Srinagar: The Centre's move to scrap a local law under which people were appointed on a contractual and ad hoc basis, as well as the opening of senior-level government jobs to 'outsiders', has triggered a backlash in Kashmir with both politicians and civil society activists slamming the authorities over the decision.
The Central government has repealed the Jammu and Kashmir Civil Service Special Provisions Act, under which the jobs were filled on a contractual and ad hoc basis from among Kashmiris, before the employees were regularised after seven years of service. As per the Gazette Notification, New Delhi has also amended the Jammu and Kashmir Civil Services Decentralisation Act — removing the requirement of a state subject for all categories of jobs and instead making the domicile residence as a requirement for jobs in the lower category of employment, while opening up senior-level appointments to people from different states of India.
What has also left the locals upset is the inclusion of all children of Central government employees having served in Jammu and Kashmir for 10 years, as well as those living in the erstwhile state for the past 15 years or having studied for seven years and having taken Class 10 and 12 exams as domicile residents.
Through fresh regulations, the Centre has removed the requirement of permanent residence as eligibility for the three categories of jobs — district, division and now, the Union Territory, while asserting that domicile will be mandatory only for lower-rung jobs up to Level 4 (in the pay range of Rs 25,500), which is seen by many as "insulting". Former chief minister and National Conference leader, Omar Abdullah, tweeted that the new regulations for the government jobs is an "insult heaped on the injury".
The assertion in the regulation that it was framed also for the "purposes of appointment to any post carrying a pay of not more than Level 4 (Rs 25,500)" has been made in addition to the change in the JK Civil Service law designating the state cadre as the UT cadre and altogether "omitting" the sections that made it mandatory "for a person to be a state subject for the jobs".
The appointments will continue to be made under the district cadre posts which exist in the pay-scale of jobs not exceeding that of a senior assistant; divisional cadre with employees not exceeding the level of section officer or the notified gazetted posts. The state cadre has been designated as UT cadre and will fill the posts in the gazetted and non-gazetted category that are appointed at the level of "the headquarters" of a department.
The changes in the local civil service law came over seven months after the Centre scrapped the semi-autonomous status of the region abolishing Jammu and Kashmir's separate constitution as well as removing the state flag. At the time of scrapping of Article 370, the government had, however, retained the JK Civil Service Law as part of the JK Re-organisation Act.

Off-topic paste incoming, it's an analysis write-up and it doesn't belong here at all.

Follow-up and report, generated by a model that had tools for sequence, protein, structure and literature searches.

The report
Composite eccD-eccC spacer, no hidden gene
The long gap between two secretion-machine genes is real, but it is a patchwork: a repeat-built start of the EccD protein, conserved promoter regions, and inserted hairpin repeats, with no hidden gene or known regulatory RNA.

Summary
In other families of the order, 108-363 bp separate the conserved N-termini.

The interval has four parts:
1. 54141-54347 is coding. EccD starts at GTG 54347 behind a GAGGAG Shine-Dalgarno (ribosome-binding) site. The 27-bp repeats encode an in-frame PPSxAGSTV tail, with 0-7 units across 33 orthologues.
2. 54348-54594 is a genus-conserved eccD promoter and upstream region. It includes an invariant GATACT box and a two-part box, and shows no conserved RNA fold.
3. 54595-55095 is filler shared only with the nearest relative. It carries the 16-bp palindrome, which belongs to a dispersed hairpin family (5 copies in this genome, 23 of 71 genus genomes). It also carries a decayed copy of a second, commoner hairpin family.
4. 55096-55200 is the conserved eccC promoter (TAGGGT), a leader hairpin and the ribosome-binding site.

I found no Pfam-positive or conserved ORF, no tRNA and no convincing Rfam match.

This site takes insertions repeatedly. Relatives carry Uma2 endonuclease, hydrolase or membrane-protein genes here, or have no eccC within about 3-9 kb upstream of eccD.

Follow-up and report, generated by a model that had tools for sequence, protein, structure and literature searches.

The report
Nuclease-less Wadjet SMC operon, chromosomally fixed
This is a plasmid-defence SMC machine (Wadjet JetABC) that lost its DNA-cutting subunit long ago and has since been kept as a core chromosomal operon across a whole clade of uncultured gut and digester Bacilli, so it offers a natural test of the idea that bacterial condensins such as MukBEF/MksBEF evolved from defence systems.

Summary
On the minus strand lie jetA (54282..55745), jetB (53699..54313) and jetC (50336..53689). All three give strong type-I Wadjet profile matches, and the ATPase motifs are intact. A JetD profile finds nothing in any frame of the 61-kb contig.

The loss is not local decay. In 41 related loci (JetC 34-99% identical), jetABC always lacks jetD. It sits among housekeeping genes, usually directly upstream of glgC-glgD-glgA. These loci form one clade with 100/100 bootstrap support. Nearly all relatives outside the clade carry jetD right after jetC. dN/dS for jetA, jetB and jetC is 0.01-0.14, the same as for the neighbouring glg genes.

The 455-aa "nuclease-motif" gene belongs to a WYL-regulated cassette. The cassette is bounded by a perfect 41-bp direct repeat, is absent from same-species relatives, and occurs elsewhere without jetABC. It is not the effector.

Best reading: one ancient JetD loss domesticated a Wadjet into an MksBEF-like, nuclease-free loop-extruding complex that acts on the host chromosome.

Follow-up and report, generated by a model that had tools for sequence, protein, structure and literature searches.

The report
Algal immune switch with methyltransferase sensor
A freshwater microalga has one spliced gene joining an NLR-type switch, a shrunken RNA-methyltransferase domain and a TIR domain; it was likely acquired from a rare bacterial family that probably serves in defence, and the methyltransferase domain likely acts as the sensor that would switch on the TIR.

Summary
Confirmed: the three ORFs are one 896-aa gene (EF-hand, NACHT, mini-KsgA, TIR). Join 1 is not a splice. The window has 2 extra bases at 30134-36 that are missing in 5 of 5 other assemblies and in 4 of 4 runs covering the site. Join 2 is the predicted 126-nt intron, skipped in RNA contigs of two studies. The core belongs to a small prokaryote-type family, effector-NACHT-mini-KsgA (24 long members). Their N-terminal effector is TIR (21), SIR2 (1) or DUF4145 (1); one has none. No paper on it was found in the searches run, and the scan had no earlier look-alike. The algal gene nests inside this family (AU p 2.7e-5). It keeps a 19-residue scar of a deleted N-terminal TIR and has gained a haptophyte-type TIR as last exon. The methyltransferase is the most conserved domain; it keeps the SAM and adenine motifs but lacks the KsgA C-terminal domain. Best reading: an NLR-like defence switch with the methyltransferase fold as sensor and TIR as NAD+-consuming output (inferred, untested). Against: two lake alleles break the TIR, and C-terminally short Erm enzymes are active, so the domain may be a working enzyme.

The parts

Earlier, the officials of the UT had said that they had no "plans" to change the law, while the officials in the Union Ministry of Home Affairs (MHA) had said that any changes to "local laws have to be made by the UT government only and not by the Centre". An MHA official had told this reporter earlier, "There is a set procedure given in the Re-organisation Act to make the changes in the laws and the local laws would have to be changed by the UT government."
The notification about the new job regulation has been issued however in the Gazette of India under the Jammu and Kashmir Reorganisation Act by the MHA. The new regulations came as a blow to the newly-formed Jammu and Kashmir Apni Party (JKAP) that had positioned its politics on the promise of protecting the "jobs of the local people".
Party president, Altaf Bukhari, said in a statement, "Being a government-issued order and not a law made by the Parliament, the new Gazette Notification regarding domicile rule for Jammu and Kashmir is not immune to any judicial review. The order issued is totally unacceptable to the JKAP. In the matter of employment — non-gazetted and gazetted posts in the service, and admissions to professional colleges — a tangible legal and constitutional mechanism was supposed to be put in place to safeguard and protect the privileges of the people of Jammu and Kashmir."
Through the order, the Centre has also removed a requirement for the district and division-level posts that "a person shall be deemed to be resident of a particular district or division if he or she has resided in such district or division as the case may be, for a period of not less than 15 years before the date of applying for a particular post and is actually residing in the said area.”
BJP spokesperson, Brigadier Anil Gupta, however said that the "new job regulation will bring transparency into recruitment and also ensure that the people from the rest of country participate in the economic development of the UT," adding, "After the scrapping of Article 370, we had given voting rights to people from other parts of country and now, with the new law, they can participate in the economic development of the UT. There were many jobs that remained unfilled, now that won't be the case," he said.
Civil society activist and former leader of the employees joint action committee (EJAC), Abdul Qayoom Wani, however said that the new law will "rob Kashmiris of their jobs". He claimed, "Delhi has always plundered Kashmir. They looted our resources, our power and now our jobs are being stolen. In Kashmir, government jobs are the only means of livelihood and now they have also gone. Our bureaucracy mostly has officers from other states and now, the lower-paying jobs have also not been spared," he said.
Updated Date: Apr 04, 2020 10:37:17 IST